Bitcoin just might be the most controversial topic in the investing world. Supporters think the cryptocurrency has the potential to disrupt the financial industry. They also point to bitcoin's staggering returns in recent years. Critics highlight the risks and volatility of bitcoin.
Those same arguments, both for and against, also apply to another investing alternative: biotech stocks. Some investors view biotech stocks as a great vehicle for huge returns from innovative products, while others are afraid of the high levels of risk and volatility. Which of these two promising -- yet potentially perilous -- investment alternatives is the smarter investment pick?
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Risks and volatility
To understand the risks and volatility of bitcoin, it's helpful to first learn exactly what bitcoin is and how it works. My colleague Maxx Chatsko wrote a good article summarizing the key things to know about bitcoin. I recommend reading it if you're not familiar with the cryptocurrency.
There are three major risks for investors in buying bitcoin. One is the risk that governments prohibit use of the digital currency. China is the the largest market in the world for bitcoin trading. If Beijing decided to make serious moves against bitcoin, prices would crash.
Another risk is that an alternative cryptocurrency largely supplants bitcoin. The Ethereum network's Ether currently ranks second in total market valuation and has some advantages over bitcoin that could continue to attract more investors.
The third major risk for bitcoin relates to its underlying technology. Companies and exchanges that focus on bitcoin can be vulnerable to cyber attacks. Two such attacks in the past caused bitcoin prices to fall and contributed to a spike in volatility.
Individual biotech stocks also face significant risks and volatility. A key risk for biotech stocks relates to concerns about the safety of their drugs. For example, Intercept Pharmaceuticals (NASDAQ: ICPT) stock plunged recently after the FDA warned about risks of its liver disease drug Ocaliva. In Intercept's case, Ocaliva had already been approved by the FDA. For many biotechs, though, issues related to safety or efficacy occur in clinical testing and prevent products from ever reaching the market.
There's also the ever-present possibility for biotechs that another company introduces a rival product that cuts into market share. Even the threat of this happening can wreak havoc on a biotech stock.
Biotechs even face the potential that their products work too well. As a case in point, Gilead Sciences (NASDAQ: GILD) stock dropped more than 40% between mid-2015 and mid-2017 primarily because of declining sales for its hepatitis C drugs. Those drugs cured so many patients that Gilead's market shrank considerably.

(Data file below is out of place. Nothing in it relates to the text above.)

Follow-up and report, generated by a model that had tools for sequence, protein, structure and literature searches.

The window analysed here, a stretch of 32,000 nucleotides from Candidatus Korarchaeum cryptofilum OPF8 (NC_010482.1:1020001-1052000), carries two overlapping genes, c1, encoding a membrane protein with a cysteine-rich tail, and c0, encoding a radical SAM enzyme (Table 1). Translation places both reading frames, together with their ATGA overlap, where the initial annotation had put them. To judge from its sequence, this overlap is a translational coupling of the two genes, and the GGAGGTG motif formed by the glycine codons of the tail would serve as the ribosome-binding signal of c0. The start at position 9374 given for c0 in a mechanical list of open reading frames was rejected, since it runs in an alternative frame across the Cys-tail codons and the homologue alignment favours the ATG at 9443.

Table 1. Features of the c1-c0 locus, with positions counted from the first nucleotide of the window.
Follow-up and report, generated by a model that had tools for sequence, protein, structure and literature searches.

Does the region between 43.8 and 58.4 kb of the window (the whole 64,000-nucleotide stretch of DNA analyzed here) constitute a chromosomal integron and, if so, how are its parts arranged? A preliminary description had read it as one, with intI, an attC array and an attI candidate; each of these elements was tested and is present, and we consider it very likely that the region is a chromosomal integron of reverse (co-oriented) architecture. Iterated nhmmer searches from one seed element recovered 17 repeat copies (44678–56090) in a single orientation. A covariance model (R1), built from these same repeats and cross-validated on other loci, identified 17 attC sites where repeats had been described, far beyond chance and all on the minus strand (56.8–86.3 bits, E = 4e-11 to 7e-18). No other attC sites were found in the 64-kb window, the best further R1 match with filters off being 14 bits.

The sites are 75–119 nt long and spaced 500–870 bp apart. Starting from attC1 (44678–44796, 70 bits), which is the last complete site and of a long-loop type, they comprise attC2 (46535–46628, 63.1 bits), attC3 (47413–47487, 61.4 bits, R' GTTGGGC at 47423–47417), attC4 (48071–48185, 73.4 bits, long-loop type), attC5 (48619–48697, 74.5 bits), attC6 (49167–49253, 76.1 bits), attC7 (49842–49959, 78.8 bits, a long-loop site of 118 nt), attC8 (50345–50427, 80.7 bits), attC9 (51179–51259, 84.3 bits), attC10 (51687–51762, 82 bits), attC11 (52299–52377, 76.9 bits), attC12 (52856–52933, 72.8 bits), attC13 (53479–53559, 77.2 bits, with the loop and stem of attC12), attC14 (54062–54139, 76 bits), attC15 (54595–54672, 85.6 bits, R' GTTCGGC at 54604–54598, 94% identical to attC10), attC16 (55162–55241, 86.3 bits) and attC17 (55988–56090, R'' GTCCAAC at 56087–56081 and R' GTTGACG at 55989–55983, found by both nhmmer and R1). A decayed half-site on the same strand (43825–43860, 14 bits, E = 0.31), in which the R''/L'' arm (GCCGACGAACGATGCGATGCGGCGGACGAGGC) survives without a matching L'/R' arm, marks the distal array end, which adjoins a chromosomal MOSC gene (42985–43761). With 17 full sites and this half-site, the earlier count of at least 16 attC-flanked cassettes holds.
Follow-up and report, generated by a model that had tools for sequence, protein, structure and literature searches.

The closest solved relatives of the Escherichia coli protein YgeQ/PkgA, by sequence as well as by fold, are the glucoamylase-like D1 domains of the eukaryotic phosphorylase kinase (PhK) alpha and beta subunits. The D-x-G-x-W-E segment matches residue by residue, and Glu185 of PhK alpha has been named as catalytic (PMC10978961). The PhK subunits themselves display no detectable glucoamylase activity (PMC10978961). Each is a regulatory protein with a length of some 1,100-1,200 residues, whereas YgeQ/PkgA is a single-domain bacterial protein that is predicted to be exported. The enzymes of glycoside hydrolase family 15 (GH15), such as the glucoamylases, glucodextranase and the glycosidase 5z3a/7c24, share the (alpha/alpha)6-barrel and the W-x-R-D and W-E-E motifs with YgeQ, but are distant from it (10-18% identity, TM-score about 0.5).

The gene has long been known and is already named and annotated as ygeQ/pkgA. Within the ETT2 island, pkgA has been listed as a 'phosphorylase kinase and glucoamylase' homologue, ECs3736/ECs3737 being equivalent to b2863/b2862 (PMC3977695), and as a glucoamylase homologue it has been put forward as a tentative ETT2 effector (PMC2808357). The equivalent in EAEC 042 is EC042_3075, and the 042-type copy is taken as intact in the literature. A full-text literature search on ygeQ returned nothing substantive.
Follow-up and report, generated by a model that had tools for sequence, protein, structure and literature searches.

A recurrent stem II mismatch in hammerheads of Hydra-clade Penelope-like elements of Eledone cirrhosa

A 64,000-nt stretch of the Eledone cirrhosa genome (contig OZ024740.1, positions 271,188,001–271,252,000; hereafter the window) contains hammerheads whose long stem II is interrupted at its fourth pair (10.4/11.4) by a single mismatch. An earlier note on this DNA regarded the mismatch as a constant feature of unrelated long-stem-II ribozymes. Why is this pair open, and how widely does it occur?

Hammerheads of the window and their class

Which is riskier -- bitcoin or biotech? Individual biotech stocks appear to have more risks than bitcoin does. Of course, you can also buy exchange-traded funds (ETFs) that hold many biotech stocks. Biotech ETFs tend to be less volatile than bitcoin and could present lower risks for investors.
When it comes to performance, it's not even close between bitcoin and biotech. The first bitcoin exchange opened in 2010. If you had bought $10 worth of the digital currency then and held on to it, you'd now have a fortune of close to $13.9 million. That's an average annual return of more than 650%. It's hard to find biotech stocks that would have turned $10 into $100 during the same time period.
However, most investors wouldn't have bought bitcoin in its infancy. How does the cryptocurrency stack up against biotech stocks more recently? Here's how the NYSE Bitcoin Index has fared so far in 2017 versus the best-performing biotech ETF, the SPDR S&P Biotech ETF (NYSEMKT: XBI), and one of the hottest biotech stocks on the market -- Puma Biotechnology (NASDAQ: PBYI).
Clearly, bitcoin is outperforming biotech any way you look at it. Those returns came with high volatility, though.
Investors make decisions based on risk-reward profiles. When comparing two investing alternatives, they should determine which option provides the better prospects for return for the amount of risk taken. So far, bitcoin has demonstrated a better risk-reward profile than biotech stocks have. But will that continue? There's no way to be sure.
I certainly don't expect that bitcoin will generate annual returns in the future like it has in the past. On the other hand, the level of risk could decrease as digital currencies become more widely accepted. In my view, putting a small portion of an investment portfolio in bitcoin isn't a bad move. Understand, though, that it would be a purely speculative play.
If you're truly looking for a disruptive investment, though, I'd go with biotech stocks. The advances that many biotech companies are making are incredible. The possibilities for treating serious diseases are more exciting than ever before. And buying a biotech ETF is a great way to invest in the disruptive potential with lower risk and volatility. A century from now, I suspect the changes to the world introduced by biotechs will be much greater than those resulting from bitcoin.
Bitcoin versus biotech? Perhaps the smartest investment choice of all is this: Try a little of both.
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Keith Speights owns shares of Gilead Sciences and SPDR S&P Biotech. The Motley Fool owns shares of and recommends Gilead Sciences. The Motley Fool has the following options: short October 2017 $86 calls on Gilead Sciences. The Motley Fool has a disclosure policy.